I’ve been torn about how much to blog about my #intentionalblogging challenge. It’s been helpful, though I’m not sure how interesting it is for my readers (not that blogging for 21 straight days would have been all that interesting either…). I figured a middle ground would be to write a brief synopsis of what I’ve done and discovered throughout this process.
Day 2: Subject, Theme & Objective
For this we were supposed to drill down our subject (what you blog about), theme (your specific area of focus) and objective (what you want to accomplish). This is something I’ve struggled with for awhile and will probably continue to do so. I’d say I primarily blog about my life as a twentysomething and what I’m doing (DIY projects, 30 Before 30, reading, cooking) to enhance it and/or find more meaning. Worded like that, it seems like an incredibly tall order. It also doesn’t seem very specific, but I think I’m able to strike a good balance in the range of topics I cover and how I present it.
The objective is admittedly a bit selfish. I’m a firm subscriber to the belief that “I never know what I think about something until I write about it.” My journal allows my to have a more stream-of-conscious, emotional outpouring of what I’m going through at that particular time. With blogging, though, I’m able to distill information and see the bigger picture. What did I take from a particular book or article? What goals am I working on and why? What lessons have I learned?
Through all of that, I hope to connect with and inspire others. Maybe not through specific actions, goals or advice, but rather through the encouragement to think about the big picture. What does “the good life” encompass? I’m also a firm believer that well done is better than well said. I don’t just want to talk about great plans I have for my life. I want to actually show people how I’ve been able to move forward, overcome obstacles and what my sources of inspiration were throughout the process. I guess it’s my small way of dabbling into life coaching, blog style.
Day 3: Finding my Voice
This was another one of those exercises where I read the challenge and I wanted to blow it off. But the more I thought about it, the more it made sense. Is the message/voice I’m hoping to portray actually coming across as that? My response rate (nerd alert) wasn’t terribly high so I probably didn’t get the full impact of it, but I still appreciate the concept. I was supposed to ask five people to describe me and/or my writing, then write something that embodies what people have said.
Like I said, my response rate was low. But given those responses and also conversations I’ve had throughout the years with people about my blog, it seems to be a genuine depiction of who I am. I talk about the things I love and the things that inspire me with humor and (supposedly) a natural flow of conversation. And really, that’s what I strive to do.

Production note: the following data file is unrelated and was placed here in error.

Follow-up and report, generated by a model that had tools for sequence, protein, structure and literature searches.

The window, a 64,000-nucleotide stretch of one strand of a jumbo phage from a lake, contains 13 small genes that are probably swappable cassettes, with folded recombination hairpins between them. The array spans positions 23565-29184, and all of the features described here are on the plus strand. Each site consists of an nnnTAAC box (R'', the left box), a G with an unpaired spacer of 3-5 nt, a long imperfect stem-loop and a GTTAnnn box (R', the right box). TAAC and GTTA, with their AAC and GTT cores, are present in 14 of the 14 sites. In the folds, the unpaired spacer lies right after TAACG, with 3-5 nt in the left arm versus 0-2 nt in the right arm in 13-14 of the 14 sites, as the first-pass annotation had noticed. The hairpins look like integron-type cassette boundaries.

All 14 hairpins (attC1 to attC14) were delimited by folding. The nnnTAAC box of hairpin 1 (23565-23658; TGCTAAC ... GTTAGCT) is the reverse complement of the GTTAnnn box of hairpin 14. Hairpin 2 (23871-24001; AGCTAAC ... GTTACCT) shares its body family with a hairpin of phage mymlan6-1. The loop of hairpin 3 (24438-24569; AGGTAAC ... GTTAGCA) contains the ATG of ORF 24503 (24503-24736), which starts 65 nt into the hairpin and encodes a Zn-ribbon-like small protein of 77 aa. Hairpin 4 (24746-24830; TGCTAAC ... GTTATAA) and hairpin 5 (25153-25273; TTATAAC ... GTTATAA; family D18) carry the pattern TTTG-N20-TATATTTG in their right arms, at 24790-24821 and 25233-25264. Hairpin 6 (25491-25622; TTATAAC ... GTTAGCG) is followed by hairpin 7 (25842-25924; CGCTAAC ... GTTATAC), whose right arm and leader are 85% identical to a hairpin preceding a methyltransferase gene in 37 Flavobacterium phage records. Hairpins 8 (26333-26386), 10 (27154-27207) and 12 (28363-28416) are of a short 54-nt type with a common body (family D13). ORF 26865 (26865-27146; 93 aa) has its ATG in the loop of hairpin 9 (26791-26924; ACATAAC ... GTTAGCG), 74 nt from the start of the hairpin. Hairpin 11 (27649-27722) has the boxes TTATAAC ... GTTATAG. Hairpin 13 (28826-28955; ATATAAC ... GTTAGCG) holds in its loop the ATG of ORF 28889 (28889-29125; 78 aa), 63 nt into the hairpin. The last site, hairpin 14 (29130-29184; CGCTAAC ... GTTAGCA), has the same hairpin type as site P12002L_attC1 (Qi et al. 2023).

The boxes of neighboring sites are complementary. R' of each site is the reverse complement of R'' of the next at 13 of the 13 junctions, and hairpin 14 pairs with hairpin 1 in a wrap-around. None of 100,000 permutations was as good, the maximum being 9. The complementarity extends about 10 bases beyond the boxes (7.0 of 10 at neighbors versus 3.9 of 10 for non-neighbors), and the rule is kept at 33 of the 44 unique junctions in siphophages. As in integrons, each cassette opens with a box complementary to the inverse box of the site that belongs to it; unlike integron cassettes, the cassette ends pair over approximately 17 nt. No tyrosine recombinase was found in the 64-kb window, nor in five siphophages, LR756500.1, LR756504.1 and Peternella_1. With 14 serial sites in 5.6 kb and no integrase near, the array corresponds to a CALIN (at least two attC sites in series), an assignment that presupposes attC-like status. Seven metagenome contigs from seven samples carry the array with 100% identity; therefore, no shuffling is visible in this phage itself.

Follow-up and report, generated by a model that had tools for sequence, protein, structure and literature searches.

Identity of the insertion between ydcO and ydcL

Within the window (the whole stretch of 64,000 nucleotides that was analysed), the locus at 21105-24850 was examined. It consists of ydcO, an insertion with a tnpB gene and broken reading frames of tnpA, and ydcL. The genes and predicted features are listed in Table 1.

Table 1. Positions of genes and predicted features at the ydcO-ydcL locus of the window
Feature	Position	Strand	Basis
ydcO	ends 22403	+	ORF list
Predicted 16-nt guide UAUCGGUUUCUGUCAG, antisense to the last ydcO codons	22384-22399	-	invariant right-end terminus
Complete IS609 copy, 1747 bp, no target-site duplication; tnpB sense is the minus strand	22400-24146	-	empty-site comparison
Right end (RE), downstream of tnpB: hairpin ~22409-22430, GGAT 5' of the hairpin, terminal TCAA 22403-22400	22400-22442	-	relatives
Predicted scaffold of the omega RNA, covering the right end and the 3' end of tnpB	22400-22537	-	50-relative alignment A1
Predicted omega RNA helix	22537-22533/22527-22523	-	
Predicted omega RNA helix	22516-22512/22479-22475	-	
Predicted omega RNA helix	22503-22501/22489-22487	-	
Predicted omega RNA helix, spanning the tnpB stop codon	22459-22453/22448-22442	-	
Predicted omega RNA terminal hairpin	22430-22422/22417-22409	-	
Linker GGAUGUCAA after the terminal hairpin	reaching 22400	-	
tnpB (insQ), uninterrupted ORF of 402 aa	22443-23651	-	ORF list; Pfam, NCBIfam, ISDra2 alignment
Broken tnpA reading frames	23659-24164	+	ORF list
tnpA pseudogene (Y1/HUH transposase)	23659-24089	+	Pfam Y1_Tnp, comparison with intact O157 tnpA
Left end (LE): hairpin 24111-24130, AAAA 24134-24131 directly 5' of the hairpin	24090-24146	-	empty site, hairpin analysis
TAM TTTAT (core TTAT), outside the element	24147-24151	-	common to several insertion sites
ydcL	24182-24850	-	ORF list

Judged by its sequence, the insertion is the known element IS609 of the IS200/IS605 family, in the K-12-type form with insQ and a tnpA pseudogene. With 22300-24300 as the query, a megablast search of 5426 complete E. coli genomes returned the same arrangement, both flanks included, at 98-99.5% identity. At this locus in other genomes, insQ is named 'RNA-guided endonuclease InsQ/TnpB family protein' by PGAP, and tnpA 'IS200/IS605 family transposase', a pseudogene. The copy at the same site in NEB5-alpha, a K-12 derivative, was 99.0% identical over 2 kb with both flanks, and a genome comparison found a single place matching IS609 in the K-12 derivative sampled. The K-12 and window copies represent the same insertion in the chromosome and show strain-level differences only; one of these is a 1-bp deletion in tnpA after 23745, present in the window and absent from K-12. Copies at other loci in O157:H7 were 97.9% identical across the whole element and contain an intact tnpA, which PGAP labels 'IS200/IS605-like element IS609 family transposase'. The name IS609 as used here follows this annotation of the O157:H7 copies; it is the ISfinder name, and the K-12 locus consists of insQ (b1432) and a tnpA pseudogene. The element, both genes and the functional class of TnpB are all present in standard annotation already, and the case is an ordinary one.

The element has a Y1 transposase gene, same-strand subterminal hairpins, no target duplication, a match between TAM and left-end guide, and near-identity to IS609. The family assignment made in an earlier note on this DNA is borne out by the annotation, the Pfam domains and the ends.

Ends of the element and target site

I want my blog to be a conversation. Unbeknownst to me until I was part of the leadership institute, one of the things I value in my own life is approachability. On a professional or personal level (so whether we’re talking evaluation concepts or DIY projects) I want people to see me as approachable. That’s something I hope my blog embodies — a sense of genuine conversation and connection. Hopefully the actual writing portrays that, but if not, I feel like I’m on the right track now that I’ve discovered more clearly what I want my blog and message to be about.
Day 4: Why Blog?
I lucked out in some ways because the launch of my blog was part of a Juneathon challenge. For thirty days I was supposed to run (or do some form of physical activity, since running wasn’t — and still isn’t — my thing) and then blog about it. That’s probably how I started to develop the mindset that a blog was a way to hold myself accountable.
As that wrapped up, the blog became a way to capture that transition from school to the “real world.” Without school and extra-curricular activities dominating my life, where was I going to focus my energy? What were my hobbies and interests? Based on other books and blogs I’ve read about the twentysomething experience, I’m not alone in that search and that identity struggle. Blogging was a way to feel like I had a roadmap and was making progress in something.
Now I think I blog to promote intentional living — striving to find that myself and encouraging others to do the same. How am I going about creating the type of life that I want? What does the good life mean to me? It also captures the ups and downs of that search. I’m not an expert and don’t claim to have all the answers. My blog helps keep me humble and, as I discovered through the day 3 activity, allows me to relate to others.
Like I said, it’s a tall order, but that’s where my interests seem to fall and writing about those topics comes naturally to me. And let me tell you, it’s a heck of a lot easier and more fun to write this than research papers (though I suppose I still do a variation of those from time to time…).
Day 5: Break from Writing
This was very needed, especially given I was in the car for a good four hours. We were also challenged to post comments on five other blogs. Connecting with the blogging community is a bit outside of my comfort zone, so this was a good challenge. I probably didn’t total five comments, but I did visit a dozen or so new blogs.
Day 6: Blog a List
That will be forthcoming. I’ll confess I’m cheating a bit with the list, but it very much holds true to what I blog about and has been a staple feature for about a year now. (Any guesses on what this list is?!)
This #intentionalblogging challenge has definitely been a bit more challenging than I envisioned, but it’s also been incredibly helpful. Lots of introspection, primarily done during the writing of this very post (so maybe it is a good thing I decided to create a brief synopsis of how the challenge has been going). One week down, two more to go!